tains that the lemmings in their migrations "do not follow the Under such a supposition (by no means an impossible one), water-shed.” it seems to me that those beautiful bars of brown and white The questions, therefore, which I have to put are: (1) What surround the dormant zebra with a protection and a defence are the grounds on which Mr. Duppa-Crotch continues to differ almost as secure as bars of iron or brass, leaving the foes with from Mr. Collett touching this minor point? ; and (2) Does he nothing but their sense of smell to guide them to their prey. still maintain his theory with regard to the island or continent

We have only to assume the folding up of the limbs, like the cf Atlantis," since he has found himself in error upon the major folding up of a two-foot rule, until the marks on both sides cor- point ?

GEORGE J. ROMANES. respond, and we see at once the unification in the general direc- Christ Church, Oxford, January 6. tion of all the stripes of the body, which I cannot help believing has a very considerable protective value to the zebra. However, if any enlightened and generous patron of science

Destruction of Immature Sea Fish. would kindly present to our College (“Owens," Manchester) a It might be supposed that the “ importance of the subject " good stuffed specimen of a recumbent zebra in the attitude i would have induced Mr. Walker, at all events, to examine Dr. have suggested, he would help considerably to settle a nice point Fulton's observations at first hand, before criticizing them in the matter of protective colouring, and give to the cause of (NATURE, December 24, 1891, p. 176), instead of confining scientific education a very welcome and appreciable aid.

himself to reading a review. December 21, 1891.

H. W.

It may be pointed out that Dr. Fulton's computation of the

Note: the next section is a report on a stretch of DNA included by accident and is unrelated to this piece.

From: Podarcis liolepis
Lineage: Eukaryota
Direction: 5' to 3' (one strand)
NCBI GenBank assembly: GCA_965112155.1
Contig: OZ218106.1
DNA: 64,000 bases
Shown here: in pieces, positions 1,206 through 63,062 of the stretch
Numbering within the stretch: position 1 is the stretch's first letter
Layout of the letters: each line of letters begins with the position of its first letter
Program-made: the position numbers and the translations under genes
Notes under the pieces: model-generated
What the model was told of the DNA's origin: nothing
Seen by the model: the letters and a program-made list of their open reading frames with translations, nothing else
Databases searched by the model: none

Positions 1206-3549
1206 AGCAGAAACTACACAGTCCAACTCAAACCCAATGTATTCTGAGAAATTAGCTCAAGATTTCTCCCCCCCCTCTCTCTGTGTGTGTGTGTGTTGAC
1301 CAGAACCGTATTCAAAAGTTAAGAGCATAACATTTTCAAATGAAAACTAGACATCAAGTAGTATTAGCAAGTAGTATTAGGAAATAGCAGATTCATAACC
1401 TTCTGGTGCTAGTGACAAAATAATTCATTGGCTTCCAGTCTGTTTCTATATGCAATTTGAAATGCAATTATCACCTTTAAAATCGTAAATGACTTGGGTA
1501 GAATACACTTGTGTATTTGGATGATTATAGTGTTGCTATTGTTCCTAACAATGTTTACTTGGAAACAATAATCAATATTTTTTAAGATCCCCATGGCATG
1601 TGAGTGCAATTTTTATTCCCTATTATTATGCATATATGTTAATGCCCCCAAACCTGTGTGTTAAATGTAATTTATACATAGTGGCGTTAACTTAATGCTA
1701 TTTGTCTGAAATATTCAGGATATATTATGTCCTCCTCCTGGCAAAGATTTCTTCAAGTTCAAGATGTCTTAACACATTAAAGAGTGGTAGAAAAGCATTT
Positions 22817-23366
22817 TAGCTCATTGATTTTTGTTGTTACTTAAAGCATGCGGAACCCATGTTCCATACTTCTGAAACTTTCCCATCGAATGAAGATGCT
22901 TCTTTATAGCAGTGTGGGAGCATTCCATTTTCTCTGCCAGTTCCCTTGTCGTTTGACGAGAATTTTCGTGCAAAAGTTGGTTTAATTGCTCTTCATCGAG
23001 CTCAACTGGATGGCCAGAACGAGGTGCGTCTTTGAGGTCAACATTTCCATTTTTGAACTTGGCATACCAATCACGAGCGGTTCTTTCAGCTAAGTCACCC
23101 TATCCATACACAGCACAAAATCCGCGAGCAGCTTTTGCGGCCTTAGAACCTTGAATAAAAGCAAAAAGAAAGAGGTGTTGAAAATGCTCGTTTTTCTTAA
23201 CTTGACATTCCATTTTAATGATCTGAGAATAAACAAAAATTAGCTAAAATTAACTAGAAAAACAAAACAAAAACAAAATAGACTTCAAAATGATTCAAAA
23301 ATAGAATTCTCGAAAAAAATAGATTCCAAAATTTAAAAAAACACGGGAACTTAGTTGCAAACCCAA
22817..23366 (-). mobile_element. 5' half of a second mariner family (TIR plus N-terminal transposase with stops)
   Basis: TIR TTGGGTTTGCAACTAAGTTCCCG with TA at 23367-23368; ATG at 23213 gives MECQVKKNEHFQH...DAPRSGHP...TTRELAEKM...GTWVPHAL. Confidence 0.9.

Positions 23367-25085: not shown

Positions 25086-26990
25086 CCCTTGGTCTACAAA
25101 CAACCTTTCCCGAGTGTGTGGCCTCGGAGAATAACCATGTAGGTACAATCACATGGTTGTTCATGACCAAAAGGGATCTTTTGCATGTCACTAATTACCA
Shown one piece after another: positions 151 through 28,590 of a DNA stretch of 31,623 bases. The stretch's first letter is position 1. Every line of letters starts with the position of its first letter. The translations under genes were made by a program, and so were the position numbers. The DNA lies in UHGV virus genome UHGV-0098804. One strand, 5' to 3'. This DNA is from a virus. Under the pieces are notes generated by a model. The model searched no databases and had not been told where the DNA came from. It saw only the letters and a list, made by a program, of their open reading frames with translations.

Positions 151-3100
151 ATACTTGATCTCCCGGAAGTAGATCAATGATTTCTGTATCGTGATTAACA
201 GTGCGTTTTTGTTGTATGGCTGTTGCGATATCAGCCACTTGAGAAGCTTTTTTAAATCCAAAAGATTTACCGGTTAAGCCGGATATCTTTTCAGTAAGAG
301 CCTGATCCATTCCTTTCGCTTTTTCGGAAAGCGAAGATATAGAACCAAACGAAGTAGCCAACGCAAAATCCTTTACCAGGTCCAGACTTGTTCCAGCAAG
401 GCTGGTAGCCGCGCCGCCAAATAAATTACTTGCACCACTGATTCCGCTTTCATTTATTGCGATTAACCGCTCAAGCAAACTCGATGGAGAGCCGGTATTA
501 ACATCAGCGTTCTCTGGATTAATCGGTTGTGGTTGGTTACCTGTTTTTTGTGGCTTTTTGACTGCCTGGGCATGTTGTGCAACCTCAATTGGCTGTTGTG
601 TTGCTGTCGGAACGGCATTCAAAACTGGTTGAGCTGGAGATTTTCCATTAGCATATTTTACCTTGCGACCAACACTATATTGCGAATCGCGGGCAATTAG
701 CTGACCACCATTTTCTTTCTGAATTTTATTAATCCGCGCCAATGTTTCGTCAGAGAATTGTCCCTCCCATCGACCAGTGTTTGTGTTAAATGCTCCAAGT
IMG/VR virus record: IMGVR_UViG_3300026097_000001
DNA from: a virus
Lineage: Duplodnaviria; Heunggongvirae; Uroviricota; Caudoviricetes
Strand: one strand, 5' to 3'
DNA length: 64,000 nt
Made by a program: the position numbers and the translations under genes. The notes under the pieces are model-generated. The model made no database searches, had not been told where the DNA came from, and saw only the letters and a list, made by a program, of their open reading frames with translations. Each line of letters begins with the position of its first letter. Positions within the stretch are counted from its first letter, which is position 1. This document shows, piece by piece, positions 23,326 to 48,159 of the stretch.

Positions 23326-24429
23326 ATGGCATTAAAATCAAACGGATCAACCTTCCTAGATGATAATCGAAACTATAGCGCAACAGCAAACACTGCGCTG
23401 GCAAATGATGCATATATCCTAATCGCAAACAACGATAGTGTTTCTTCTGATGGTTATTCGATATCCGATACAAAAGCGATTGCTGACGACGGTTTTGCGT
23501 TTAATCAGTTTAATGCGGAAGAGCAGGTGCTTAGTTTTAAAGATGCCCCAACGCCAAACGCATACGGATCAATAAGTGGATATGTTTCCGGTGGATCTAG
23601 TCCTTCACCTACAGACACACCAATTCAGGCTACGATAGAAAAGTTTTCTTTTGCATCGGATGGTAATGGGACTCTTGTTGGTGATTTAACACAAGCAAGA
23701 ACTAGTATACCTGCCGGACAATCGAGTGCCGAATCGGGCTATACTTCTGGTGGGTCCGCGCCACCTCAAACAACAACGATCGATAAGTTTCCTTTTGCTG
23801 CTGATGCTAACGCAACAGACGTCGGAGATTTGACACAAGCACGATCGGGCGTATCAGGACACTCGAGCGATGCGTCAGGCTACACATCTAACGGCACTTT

number of young fish captured is intended to apply only to the The Migration of the Lemming.

Solway, as indeed may be gathered from your review, and being,

not a matter of hearsay, as implied by Mr. Walker, but founded THERE are two questions which I should like to ask Mr. W. on an average of fifteen hauls extending over nine months of the Duppa-Crotch touching his recent letter on the above subject year, is likely to be pretty near the mark. (NATURE, December 31, p. 199); and for this purpose I had In examining Mr. Walker's own computation, we find that better begin by quoting a paragraph from my own discussion of he reckons six days' fishing tu the week, instead of four, which the same subject, written close upon ten years ago :-.

is Dr. Fulton's estimate, based on local inquiry; and we may “Looking to Mr. Collett's large experience on the subject, say that, if Mr. Walker has succeeded in utilizing every working as well as to the intrinsically probable nature of his views, 1 day during any one year of his trawling career, he must have think we may most safely lend countenance to the latter. The been singularly fortunate in his weather, or must have confined most important point of difference between Mr. Crotch and Mr. himself to very sheltered waters. I think it will be conceded Collett has reference to a question of fact. For while Mr. that a calculation derived from actually counting the catch is Crotch states that the migrations are made westwards without more trustworthy than one derived from an observation (or was it reference to the declivities of the country, Mr. Collett is only an estimate?) of weight. If, however, “ 10 cwt. of young emphatic in saying that 'the wanderings take place in the direc- flukes, ... not one the size of half-a-crown," is really only the